Jellalabad was occupied on the 20th inst., and the present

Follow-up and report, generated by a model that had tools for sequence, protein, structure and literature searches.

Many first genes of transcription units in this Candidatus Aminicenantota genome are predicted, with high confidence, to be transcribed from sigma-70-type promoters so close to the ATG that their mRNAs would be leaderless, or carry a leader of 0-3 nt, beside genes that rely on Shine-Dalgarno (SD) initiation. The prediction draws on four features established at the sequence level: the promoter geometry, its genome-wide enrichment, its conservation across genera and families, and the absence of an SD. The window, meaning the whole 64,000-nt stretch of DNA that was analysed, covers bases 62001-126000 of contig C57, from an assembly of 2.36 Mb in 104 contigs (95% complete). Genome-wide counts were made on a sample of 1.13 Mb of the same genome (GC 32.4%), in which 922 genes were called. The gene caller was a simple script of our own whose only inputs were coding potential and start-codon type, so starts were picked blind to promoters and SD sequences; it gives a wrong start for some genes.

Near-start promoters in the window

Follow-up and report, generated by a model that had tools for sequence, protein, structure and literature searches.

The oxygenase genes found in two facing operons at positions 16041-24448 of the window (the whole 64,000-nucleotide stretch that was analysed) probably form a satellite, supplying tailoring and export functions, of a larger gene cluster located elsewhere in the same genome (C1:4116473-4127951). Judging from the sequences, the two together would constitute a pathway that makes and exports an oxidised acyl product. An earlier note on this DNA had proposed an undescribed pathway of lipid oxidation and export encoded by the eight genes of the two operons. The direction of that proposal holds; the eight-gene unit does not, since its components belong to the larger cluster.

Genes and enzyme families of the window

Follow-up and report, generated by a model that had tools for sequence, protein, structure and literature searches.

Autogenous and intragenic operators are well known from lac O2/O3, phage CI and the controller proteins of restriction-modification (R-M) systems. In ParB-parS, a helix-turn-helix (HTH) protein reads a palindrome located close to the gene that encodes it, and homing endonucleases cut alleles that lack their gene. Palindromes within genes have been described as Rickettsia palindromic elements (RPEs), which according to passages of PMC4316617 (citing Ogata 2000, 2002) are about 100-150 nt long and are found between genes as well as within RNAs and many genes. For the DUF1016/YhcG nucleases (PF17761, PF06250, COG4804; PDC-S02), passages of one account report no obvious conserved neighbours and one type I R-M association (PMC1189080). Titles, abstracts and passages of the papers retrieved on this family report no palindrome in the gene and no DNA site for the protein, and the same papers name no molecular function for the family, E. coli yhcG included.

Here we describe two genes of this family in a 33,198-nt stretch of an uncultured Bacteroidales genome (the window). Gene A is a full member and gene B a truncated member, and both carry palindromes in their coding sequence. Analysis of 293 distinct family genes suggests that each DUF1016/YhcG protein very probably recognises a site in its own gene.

work of the Eastern column may be considered closed. No further advance is expected before the spring, and the General, with good cantonments for his troops, has now only to guard his communications. General Roberts, of the central column, has been compelled, we regret to see, to shoot one Pathan Sepoy and imprison fifteen others for long terms, for treachery in siding with their kinsmen. Two fired a signal to warn the defenders of Fleiwar, and fourteen refused to fight. The defection is natural enough, but every Sepoy is a volunteer, with an officer's right to resign, and the men, therefore, in breaking their oath in the field, de- serve little compassion. The General seems uneasy about the moun- taineers, but the explanation hitherto is imperfect. The western column, under General Stewart, is still struggling towards Candahar. It has only eighty miles to march, but the difficulties of transport are extraordinary. The camels cannot traverse the Khojak Pass, because they would split on the ice, and the bullocks die of fatigue, or break their fetlocks in the shingle. The 40-pounder guns were dragged through part of the Bolan by English soldiers, with incredible toil, the men often working up to midnight. The correspondent of the Standard denounces the mismanagement as extraordinary, but he blames the commissariat too quickly. The Department was not warned in time to purchase mules, the only animals to be trusted in such work, and even they might have been beaten by a march of such extraordinary severity. Sixty miles of a mountain-torrent bed is a frightful task for artillery.